verb (used with object)

verb (used without object)

to be placed, inserted, precipitated, left for safekeeping, given as security or in partial payment, etc.


Origin of deposit

1615–25; < Latin dēpositus laid down, past participle of dēpōnere; see depone
Related formspre·de·pos·it, noun, verbre·de·pos·it, verb, nounsub·de·pos·it, nounsu·per·de·pos·it, nounun·de·pos·it·ed, adjective

Synonyms for deposit

1. bank, save, store. 15. lode, vein, pocket. Unabridged Based on the Random House Unabridged Dictionary, © Random House, Inc. 2019

Examples from the Web for deposited

Contemporary Examples of deposited

Historical Examples of deposited

  • Wearied, he deposited himself sulkily in an armchair by the hearth.

    The Black Bag

    Louis Joseph Vance

  • Secrets of this description are death to those with whom they are deposited.

    The Black Tulip

    Alexandre Dumas (Pere)

  • Let a copy of every other edition ever printed be procured and deposited.

    A Dish Of Orts

    George MacDonald

  • Here he had deposited his travelling chest in the house of a relative.

  • That week the first five dollars toward it was deposited with the General.

British Dictionary definitions for deposited


verb (tr)

to put or set down, esp carefully or in a proper place; place
to entrust for safekeeping; consign
to place (money) in a bank or similar institution in order to earn interest or for safekeeping
to give (money) in part payment or as security
to lay down naturally; cause to settlethe river deposits silt


  1. an instance of entrusting money or valuables to a bank or similar institution
  2. the money or valuables so entrusted
money given in part payment or as security, as when goods are bought on hire-purchaseSee also down payment
a consideration, esp money, given temporarily as security against loss of or damage to something borrowed or hired
an accumulation of sediments, mineral ores, coal, etc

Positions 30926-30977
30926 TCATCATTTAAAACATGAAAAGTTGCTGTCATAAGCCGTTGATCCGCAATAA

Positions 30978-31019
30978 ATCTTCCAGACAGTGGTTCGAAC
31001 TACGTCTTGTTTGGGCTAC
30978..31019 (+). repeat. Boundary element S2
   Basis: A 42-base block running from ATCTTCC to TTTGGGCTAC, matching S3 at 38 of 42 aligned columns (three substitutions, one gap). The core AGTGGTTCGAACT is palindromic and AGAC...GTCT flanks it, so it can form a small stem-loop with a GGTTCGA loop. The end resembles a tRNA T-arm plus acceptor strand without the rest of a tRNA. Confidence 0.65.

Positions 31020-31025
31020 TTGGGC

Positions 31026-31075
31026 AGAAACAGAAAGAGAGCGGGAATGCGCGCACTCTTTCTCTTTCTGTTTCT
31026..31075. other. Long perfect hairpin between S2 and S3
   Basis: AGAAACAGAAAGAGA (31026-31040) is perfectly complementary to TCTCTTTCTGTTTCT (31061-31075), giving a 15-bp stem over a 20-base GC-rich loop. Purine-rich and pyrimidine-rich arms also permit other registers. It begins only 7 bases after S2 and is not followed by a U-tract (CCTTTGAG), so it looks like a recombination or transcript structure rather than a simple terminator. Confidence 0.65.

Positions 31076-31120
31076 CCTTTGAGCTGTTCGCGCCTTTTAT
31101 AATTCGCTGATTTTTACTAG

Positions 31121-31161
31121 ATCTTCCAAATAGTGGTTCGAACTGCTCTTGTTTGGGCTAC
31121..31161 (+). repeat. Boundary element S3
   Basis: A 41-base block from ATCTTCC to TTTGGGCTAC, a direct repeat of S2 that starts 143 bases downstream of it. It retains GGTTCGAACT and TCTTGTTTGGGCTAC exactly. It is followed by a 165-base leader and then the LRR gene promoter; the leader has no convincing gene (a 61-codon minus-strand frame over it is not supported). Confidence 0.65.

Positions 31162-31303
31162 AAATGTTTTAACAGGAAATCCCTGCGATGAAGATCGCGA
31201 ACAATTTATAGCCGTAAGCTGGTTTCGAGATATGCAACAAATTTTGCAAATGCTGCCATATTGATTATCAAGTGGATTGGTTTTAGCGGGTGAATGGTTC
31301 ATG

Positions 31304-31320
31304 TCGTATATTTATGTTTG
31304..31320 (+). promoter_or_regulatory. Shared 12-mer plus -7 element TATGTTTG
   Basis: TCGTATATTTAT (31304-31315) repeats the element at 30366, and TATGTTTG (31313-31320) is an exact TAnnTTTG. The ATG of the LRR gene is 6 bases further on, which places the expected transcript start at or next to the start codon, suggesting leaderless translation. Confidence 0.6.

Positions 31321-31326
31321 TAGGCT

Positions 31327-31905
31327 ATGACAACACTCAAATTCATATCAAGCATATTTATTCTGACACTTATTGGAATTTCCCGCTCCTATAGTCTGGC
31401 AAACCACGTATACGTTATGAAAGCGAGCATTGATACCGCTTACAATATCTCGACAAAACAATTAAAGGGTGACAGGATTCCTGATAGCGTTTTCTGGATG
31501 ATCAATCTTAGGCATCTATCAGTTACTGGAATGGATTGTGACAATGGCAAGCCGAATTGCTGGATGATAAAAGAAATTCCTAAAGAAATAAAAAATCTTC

any deposited material, such as a sediment or a precipitate that has settled out of solution
a coating produced on a surface, esp a layer of metal formed by electrolysis
a depository or storehouse
on deposit payable as the first instalment, as when buying on hire-purchase

Word Origin for deposit

C17: from Medieval Latin dēpositāre, from Latin dēpositus put down
Collins English Dictionary - Complete & Unabridged 2012 Digital Edition © William Collins Sons & Co. Ltd. 1979, 1986 © HarperCollins Publishers 1998, 2000, 2003, 2005, 2006, 2007, 2009, 2012

Word Origin and History for deposited



1620s, from Latin depositum, from deponere (see deposit (v.)). Geological sense is from 1781; monetary sense is from 1737.



1620s, from Latin depositus, past participle of deponere "lay aside, put down, deposit," also used of births and bets, from de- "away" (see de-) + ponere "to put" (see position). Related: Deposited; depositing.

Online Etymology Dictionary, © 2010 Douglas Harper

deposited in Medicine




To lay down or leave behind by a natural process.
To become deposited; settle.


An accumulation of organic or inorganic material, such as a lipid, in a body tissue, structure, or fluid.
A sediment or precipitate that has settled out of a solution.
The American Heritage® Stedman's Medical Dictionary Copyright © 2002, 2001, 1995 by Houghton Mifflin Company. Published by Houghton Mifflin Company.

deposited in Science



An accumulation or layer of solid material, either consolidated or unconsolidated, left or laid down by a natural process. Deposits include sediments left by water, wind, ice, gravity, volcanic activity, or other agents. A layer of coal formed over many years through the decomposition of plant material is also a deposit.
The American Heritage® Science Dictionary Copyright © 2011. Published by Houghton Mifflin Harcourt Publishing Company. All rights reserved.